Document 12620386

It is that part of partial denture that supports the artificial teeth, and rest
on the foundation tissues, and transfers the occlusal force to the
supporting structures.
Masticatory function: It supports the artificial teeth and consequently
receives the functional forces from occlusion and transfers functional
forces to supporting oral structures.
Cosmetic function: this is related to reproducing natural-looking
Physiological function: The stimulation of the underlying tissue of the
residual ridge, by massaging action during movement of the denture base
under functional stress (within physiological tolerance) maintain their
form and tone better than similar tissues suffering from disuse (disuse
Prevent vertical and horizontal migration of remaining natural teeth.
Oral cleanliness: eliminate undesirable food traps.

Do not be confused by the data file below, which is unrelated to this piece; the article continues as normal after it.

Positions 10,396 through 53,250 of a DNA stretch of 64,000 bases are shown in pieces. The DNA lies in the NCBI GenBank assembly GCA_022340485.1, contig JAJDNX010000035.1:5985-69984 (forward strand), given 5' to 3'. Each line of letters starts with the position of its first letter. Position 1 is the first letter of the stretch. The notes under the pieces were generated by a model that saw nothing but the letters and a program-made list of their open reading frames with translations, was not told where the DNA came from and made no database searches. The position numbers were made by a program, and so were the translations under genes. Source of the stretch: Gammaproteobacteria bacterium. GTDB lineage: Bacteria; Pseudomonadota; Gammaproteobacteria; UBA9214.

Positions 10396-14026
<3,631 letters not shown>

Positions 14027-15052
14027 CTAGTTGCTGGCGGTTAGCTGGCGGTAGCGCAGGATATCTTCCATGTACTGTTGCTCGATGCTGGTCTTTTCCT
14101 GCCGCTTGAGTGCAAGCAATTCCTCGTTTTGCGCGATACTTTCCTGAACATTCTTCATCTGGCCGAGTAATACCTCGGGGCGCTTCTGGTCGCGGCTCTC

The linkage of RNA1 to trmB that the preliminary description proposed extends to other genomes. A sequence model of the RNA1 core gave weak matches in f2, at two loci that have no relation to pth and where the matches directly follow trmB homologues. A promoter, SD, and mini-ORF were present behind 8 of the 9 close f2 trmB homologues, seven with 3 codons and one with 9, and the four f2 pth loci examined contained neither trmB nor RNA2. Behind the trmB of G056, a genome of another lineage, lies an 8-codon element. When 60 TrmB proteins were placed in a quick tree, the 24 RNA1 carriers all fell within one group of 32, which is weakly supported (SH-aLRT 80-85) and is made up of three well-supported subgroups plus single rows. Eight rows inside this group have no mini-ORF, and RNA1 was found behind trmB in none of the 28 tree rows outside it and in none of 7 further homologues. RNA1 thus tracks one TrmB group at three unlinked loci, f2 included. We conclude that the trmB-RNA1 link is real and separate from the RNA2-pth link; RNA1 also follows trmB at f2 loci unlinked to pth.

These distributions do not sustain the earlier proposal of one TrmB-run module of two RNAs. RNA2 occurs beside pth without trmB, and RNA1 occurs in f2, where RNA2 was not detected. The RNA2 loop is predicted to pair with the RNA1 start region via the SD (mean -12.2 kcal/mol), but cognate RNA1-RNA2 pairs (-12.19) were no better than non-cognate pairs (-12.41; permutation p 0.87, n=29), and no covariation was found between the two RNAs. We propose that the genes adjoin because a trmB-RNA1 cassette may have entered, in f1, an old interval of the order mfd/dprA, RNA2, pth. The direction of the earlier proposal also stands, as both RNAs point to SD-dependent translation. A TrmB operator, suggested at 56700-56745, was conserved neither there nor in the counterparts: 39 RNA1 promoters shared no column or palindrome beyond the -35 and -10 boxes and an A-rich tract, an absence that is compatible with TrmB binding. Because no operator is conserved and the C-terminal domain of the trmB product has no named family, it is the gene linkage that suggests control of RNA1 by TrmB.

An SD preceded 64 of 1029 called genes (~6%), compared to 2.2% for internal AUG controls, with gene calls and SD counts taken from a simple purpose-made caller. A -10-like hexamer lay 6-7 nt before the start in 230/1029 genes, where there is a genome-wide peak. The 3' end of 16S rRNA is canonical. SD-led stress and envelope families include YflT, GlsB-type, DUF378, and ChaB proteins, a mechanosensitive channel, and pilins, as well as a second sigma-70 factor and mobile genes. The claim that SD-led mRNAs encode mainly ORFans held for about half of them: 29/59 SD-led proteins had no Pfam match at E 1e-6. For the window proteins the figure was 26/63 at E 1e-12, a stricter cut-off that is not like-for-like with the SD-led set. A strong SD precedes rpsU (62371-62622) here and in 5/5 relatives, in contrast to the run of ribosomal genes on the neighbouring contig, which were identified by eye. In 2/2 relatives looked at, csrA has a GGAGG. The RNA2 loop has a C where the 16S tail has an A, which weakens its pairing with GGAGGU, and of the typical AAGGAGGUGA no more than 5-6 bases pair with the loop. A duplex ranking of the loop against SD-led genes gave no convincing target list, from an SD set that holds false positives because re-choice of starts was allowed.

The denture bases must contribute to the support of the denture and
improving prosthesis stability.
Secondary retention is provided by the intimate relationship of denture
In a tooth-supported prosthesis, the denture base is primarily a span
between two abutments supporting artificial teeth. Thus occlusal forces
are transferred directly to the abutments through rests. Also, the denture
base and the supplied teeth serve to prevent horizontal migration of all of
the abutment teeth in the partially edentulous arch and vertical migration
of teeth in the opposing arch. When anterior teeth are replaced, esthetics
may be of primary importance. Future relining or rebasing may not be
necessary to reestablish support. Relining is necessary only when tissue
changes have occurred beneath the tooth-supported base to the point that
poor esthetics or accumulation of debris result.
In a distal extension partial denture, the denture bases must contribute to
the support of the denture and improving prosthesis stability.
Maximum support from the residual ridge may be obtained by using
broad, accurate denture bases, which spread the occlusal load equitably
over the entire area available for such support (snowshoe principle).
Therefore support should be the primary consideration in selecting,
designing, and fabricating a distal extension partial denture base. It must
be made of a material that can be relined or rebased when it becomes